INSEAD or bust!

So my application is ostensibly complete for R1 of the January 2011 intake.

There were some payment issues with Etheryl, and I had to remind my second recommender quite a bit.  He ended up pulling an all-nighter while at an industry conference halfway around the world to finish up.  I can only guess that it was to show me up on procrastination skills.

This will probably be my only application for the spring, so it looks like INSEAD or bust!

Anyone else out there apply for R1 D’11?

Deadline Driven

Nothing motivates like a deadline and we’re now a few days away from INSEAD’s R1 deadline for the January 2011 intake.  Ironically, the closer I get to the deadline the more my inner procrastinator finds excuses.  I think it’s important not to listen — there’s always time to reflect afterwards 🙂

For those perceptive ones among you that think posting on a blog for the first time in months is just another way to procrastinate… Shhhh!

I’m working myself through the INSEAD Application Checklist and I’m getting there.

Recommendations, transcripts, essays, forms, etc…

Best of luck for fellow Jan ’11 instake INSEAD apps.

Looks like work has taken its toll, as the lack of updates here may indicate. I noticed the other day that it was September and I had practically missed the entire – and rather lovely – summer because I spent so much time at the office. We’re still not quite done, but the end is in sight.

I’ve decided to apply to INSEAD for R2. I had plenty of time for R1 but simply haven’t had the time to produce a quality application. I’ve now booked a campus visit to Fontainebleau at the end of the month. I hope I’ll have energy for the trip as the weeks leading up to it will be hectic.  The campus visit and downtime at work should provide the necessary motivation give me a chance to create a quality app.

I took the GMAT a couple weeks ago and the following describes my preparation and experience:

I took my first GMATPrep in Sept 08 in order to see where I would stood. I got a 720 (Q48,V41), spent a little bit of time looking at problems, and then dropped the whole thing for a reason that must have made perfect sense at the time. I think my new and interesting role at work put a temporary damper on those escapist fantasies, or something. Then, two months ago, during a morning of existential crisis, I said WTF, pulled out my credit card, and booked the test. The point-of-no-return helped motivate me for a day or two, after which I slacked off a bit more. Then I wrote the test cost on the wall above my desk, realizing that my stingy self would be throwing money out the window if I didn’t prepare properly. That gave me a healthy kick in the butt.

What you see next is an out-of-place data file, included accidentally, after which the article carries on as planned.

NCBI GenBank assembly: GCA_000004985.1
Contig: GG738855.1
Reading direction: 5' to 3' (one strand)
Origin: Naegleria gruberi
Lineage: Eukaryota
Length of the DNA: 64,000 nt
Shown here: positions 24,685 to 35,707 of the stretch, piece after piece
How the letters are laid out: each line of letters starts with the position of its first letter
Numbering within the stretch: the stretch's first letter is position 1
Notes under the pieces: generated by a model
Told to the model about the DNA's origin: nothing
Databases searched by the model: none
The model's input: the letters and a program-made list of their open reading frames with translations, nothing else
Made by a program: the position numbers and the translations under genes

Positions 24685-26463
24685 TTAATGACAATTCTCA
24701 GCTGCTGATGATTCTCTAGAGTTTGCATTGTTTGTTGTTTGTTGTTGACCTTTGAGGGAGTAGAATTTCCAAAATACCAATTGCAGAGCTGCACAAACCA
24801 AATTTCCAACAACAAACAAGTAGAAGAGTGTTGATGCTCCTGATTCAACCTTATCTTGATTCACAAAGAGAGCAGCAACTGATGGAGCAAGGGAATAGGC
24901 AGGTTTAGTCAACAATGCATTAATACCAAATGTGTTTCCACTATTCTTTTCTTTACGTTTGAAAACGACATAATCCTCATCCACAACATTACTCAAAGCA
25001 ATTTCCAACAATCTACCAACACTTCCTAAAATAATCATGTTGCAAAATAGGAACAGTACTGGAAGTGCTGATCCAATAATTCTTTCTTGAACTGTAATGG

The ‘diagnostic’ GMATPrep informed my study approach. I used to be good at math but I was very rusty on some concepts, particularly anything with primes and divisibility. The majority of my verbal mistakes were in sentence correction. My approach was a bit haphazard – I didn’t make a plan until there were three weeks remaining. Here’s the breakdown:


  • I finished 90% of the MGMAT SC book about 5-6 weeks before the test. This was very helpful, though by the time I took the test some of the concepts weren’t quite so fresh.
  • I did 50 each RC and CR in the OG about 3-4 weeks before the test, wanting to make sure I did some of each question type. I decided that the payoff for studying more of them would not be worth it given my timeframe.


  • I ordered the MGMAT Number Properties guide a bit late and only did two chapters or so. That in itself helped a bit and I definitely liked the book, only wish I had more time for it.
  • After doing my second GMATPrep about 3 weeks before the exam I noticed that my timekeeping in the math section was awful. My brain thinks it can solve every math question but it’s too dense to grasp when to let go and just click next. According to the MGMAT CATs I spent 4-5 minutes on several problems, so I decided to take MGMAT CAT Math for the last 2-3 weeks, not having time to do both sections in the evenings.
  • MGMAT Flash Cards:
    Highly recommended for commuters. I did maybe 15-20 math questions each day. This helped me keep my brain in the right mode and helped me remember a few concepts that I otherwise wouldn’t have come across. I did everything but SC and Word Translations.

Practice CATs

Reading some other debriefs I noticed that some people were particularly fond of doing a lot of practice tests. I believe that if you have the basics down then this is very good for timing and familiarity. I had to go away for the weekend two weeks before the test, so I could only study a bit on the plane / train. I was very tempted to attend the INSEAD open day the weekend before the test but decided to stay and get an extra GMATPrep in. I’ll to visit as soon as makes sense!

Here is my practice CAT breakdown with time before test: